There remains the need to provide a means for temporarily reducing the swelling of hydrogel-containing medical devices to a controlled degree, thereby increasing modulus, yield stress and strength, while maintaining flexibility and the ability to return to the nascent hydrogel state once the device is placed in vivo. There also is the need for medical devices comprising hydrogels which can withstand aggressive physician handling without damage, sustain higher stresses encountered during implantation or insertion without inelastic deformation while retaining the original hydrogel properties in vivo.

SUMMARY OF THE INVENTION

This invention provides a method of controllably altering the water content of a hydrogel comprising treatment of said hydrogel with a liquid dehydrating composition. There is further provided a method of controllably altering the water content of a hydrogel-containing medical device. The medical devices of the present invention comprise a hydrogel having a controlled (or selected) water level ex vivo lower than the thermodynamic equilibrium water level when in vivo. These medical devices comprise a hydrogel contacted with a liquid dehydrating agent, wherein said medical device has a lower water level ex vivo than the thermodynamic equilibrium water level when the medical device is in vivo.

In another aspect of the present invention is provided a method of medical treatment with a medical device which comprises inserting into the body a hydrogel-containing medical device which has been treated with an agent which boosts mechanical performance of the medical device by displacing water from the hydrogel. The method of medical treatment of a human of the present invention comprises administering into the body a medical device, said medical device comprising a hydrogel which has been treated with an agent which increases mechanical performance of said medical device by reversibly displacing water from said medical device.

In another aspect of the present invention is provided a method of increasing mechanical performance of a hydrogel-containing medical device comprising treating said medical device with an agent which acts to reversibly dehydrate said hydrogel.

DETAILED DESCRIPTION OF THE INVENTION

The present invention provides a means for temporarily reducing the swelling of hydrogels to a controlled degree, thereby increasing modulus, yield stress and strength while maintaining flexibility and the ability to return to the nascent hydrogel state once the device is placed in vivo. A benefit of the invention is that medical devices comprising hydrogels treated with the dehydrating and swelling agents of this invention can better withstand aggressive physician handling without damage, sustain higher stresses encountered during implantation or insertion without inelastic deformation while retaining the original hydrogel properties upon rehydration in vivo. With respect to tubular medical devices this invention will facilitate increased resistance to columnar buckling forces experienced during insertion. The use of these agents also has the added benefit of providing for increased lubricity and resulting ease of insertion through small orifices and channels.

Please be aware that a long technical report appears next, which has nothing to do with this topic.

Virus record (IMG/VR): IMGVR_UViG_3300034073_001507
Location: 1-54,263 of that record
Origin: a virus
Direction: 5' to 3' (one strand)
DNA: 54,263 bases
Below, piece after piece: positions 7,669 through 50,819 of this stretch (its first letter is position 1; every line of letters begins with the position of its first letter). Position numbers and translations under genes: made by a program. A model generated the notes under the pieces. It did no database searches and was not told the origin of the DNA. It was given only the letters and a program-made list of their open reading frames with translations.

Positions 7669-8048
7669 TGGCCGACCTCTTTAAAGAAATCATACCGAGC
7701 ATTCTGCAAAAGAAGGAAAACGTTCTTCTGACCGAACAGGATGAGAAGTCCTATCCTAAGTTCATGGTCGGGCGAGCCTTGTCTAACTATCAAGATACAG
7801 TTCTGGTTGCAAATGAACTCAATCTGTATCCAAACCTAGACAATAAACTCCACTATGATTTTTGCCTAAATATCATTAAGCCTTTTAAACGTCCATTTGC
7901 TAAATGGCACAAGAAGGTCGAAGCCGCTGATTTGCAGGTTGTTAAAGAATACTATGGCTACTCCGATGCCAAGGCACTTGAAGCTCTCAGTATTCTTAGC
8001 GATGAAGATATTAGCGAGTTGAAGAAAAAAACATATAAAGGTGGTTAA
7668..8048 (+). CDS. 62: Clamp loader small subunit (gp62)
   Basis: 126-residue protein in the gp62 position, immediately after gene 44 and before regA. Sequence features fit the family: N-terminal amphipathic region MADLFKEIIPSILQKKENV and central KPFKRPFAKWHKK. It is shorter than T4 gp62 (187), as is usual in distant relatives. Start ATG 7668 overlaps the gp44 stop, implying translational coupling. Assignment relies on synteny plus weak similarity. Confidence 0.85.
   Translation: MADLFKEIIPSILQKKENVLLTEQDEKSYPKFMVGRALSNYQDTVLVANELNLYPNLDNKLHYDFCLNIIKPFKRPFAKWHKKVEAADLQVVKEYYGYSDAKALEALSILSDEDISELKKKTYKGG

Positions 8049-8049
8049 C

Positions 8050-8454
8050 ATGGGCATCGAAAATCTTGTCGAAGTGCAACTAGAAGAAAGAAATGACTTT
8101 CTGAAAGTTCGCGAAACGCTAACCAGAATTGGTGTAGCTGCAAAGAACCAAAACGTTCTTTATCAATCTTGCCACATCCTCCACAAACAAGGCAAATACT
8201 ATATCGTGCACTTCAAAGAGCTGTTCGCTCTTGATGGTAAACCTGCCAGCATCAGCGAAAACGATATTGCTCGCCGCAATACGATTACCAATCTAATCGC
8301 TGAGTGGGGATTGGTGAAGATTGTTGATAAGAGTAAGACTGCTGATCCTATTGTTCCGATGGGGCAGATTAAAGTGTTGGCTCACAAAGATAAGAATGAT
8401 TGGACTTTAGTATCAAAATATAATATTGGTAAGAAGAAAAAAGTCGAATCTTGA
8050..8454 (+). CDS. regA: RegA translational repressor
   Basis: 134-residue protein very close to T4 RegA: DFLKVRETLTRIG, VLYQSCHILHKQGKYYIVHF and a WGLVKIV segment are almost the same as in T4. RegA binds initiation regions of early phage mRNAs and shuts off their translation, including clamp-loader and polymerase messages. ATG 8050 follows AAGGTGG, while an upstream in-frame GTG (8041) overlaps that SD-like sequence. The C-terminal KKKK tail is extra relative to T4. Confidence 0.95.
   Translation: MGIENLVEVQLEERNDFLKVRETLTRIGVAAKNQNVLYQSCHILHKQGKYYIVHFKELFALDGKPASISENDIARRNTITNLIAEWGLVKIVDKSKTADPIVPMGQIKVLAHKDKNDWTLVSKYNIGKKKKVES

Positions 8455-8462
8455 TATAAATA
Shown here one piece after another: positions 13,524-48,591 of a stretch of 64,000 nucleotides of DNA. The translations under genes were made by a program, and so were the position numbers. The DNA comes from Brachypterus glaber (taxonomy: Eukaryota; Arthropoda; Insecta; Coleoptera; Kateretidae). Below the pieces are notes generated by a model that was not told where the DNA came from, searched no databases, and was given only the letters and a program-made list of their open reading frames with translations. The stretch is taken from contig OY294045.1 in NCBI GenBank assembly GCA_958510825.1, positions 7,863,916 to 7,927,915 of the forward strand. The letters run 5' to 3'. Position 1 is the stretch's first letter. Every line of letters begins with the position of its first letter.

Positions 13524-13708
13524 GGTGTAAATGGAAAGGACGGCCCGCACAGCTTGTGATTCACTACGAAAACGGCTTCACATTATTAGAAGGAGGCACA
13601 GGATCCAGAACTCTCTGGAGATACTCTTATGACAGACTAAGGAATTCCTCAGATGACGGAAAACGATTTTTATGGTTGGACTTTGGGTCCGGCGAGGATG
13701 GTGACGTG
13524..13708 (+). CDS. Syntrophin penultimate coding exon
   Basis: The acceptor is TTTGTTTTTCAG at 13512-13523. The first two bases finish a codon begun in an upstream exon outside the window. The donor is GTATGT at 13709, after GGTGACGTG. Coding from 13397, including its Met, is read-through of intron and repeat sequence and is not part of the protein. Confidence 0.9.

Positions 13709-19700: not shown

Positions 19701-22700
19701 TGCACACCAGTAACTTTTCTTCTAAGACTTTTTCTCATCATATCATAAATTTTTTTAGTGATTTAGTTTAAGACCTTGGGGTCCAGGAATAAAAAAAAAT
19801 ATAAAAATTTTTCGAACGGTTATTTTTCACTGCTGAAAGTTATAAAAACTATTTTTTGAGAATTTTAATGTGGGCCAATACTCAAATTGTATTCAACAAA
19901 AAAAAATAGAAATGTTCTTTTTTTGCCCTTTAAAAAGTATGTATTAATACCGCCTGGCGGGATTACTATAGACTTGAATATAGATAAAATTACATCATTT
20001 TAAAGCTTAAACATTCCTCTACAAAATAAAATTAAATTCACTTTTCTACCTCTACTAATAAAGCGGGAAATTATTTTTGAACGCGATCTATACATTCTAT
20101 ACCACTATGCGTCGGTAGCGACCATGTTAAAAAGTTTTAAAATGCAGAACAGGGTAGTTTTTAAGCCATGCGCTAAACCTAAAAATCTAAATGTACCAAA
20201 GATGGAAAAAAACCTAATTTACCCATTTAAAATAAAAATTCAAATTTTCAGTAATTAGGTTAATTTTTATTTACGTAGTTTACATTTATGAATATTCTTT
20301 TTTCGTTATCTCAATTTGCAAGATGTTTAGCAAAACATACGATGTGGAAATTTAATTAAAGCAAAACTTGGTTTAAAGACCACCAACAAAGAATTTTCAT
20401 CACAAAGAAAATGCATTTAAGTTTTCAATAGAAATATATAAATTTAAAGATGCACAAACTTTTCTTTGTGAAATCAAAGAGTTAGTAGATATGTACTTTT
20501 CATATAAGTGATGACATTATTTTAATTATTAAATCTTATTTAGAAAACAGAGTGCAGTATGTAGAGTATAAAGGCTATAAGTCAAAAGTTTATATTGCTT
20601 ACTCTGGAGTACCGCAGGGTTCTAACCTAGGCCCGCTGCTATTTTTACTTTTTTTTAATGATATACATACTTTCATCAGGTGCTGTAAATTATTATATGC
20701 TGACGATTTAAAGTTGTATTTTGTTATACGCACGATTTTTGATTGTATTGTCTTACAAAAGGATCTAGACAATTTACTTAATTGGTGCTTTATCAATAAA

The present invention is applicable to all hydrogel materials. The term "hydrogel" is meant to be a water insoluble, water-containing material. Examples of hydrogels include synthetic polymers such as polyhydroxy ethyl methacrylate, and chemically or physically crosslinked polyvinyl alcohol, polyacrylamide, poly(N-vinyl pyrolidone), polyethylene oxide, and hydrolysed polyacrylonitrile. Examples of hydrogels which are organic polymers include covalent or ionically crosslinked polysaccharide-based hydrogels such as the polyvalent metal salts of alginate, pectin, carboxymethyl cellulose, heparin, hyaluronate and hydrogels from chitin, chitosan, pullulan, gellan and xanthan.

Conversion of a hydrogel to boost mechanical performance is effected by immersion in a new environment comprising at least one suitable agent such that the new environment acts to extract water from the gel and may also be accompanied by infiltration of the dehydrating agent such that the resultant improved device now contains less water and may contain some of the new environment. In the context of the present invention, the use of the term "reversibly displacing water" includes both complete reversibility wherein the gel rehydrates 100% as well as partial rehydration. In general, a dehydrating agent is any agent which can act to displace water from a hydrogel. Suitable agents include glycerol, glycols, alcohols, sugars and syrups. Among the specific agents which may be used include glycerol, ethylene glycol, poly(ethylene glycol), propane diols, butane diols, hexylene glycol, triethanol amine, corn syrup, high fructose corn syrup, mixtures of corn syrup and high fructose corn syrup, honey, alcohols, ketones and combinations thereof with water. Preferred agents for use in manufacturing the medical devices of the present invention include glycerol, poly(ethylene glycol), corn syrup, high fructose corn syrup, mixtures of corn syrup and high fructose corn syrup, and a mixture of 70/30 fructose in water. The most preferred agent is glycerol. The environment used to boost mechanical performance may be a single agent, a combination of active agents or agents in water. Once the medical device is introduced into the body, the dehydrating agent may become "fugitive" from the medical device and water may infiltrate the medical device.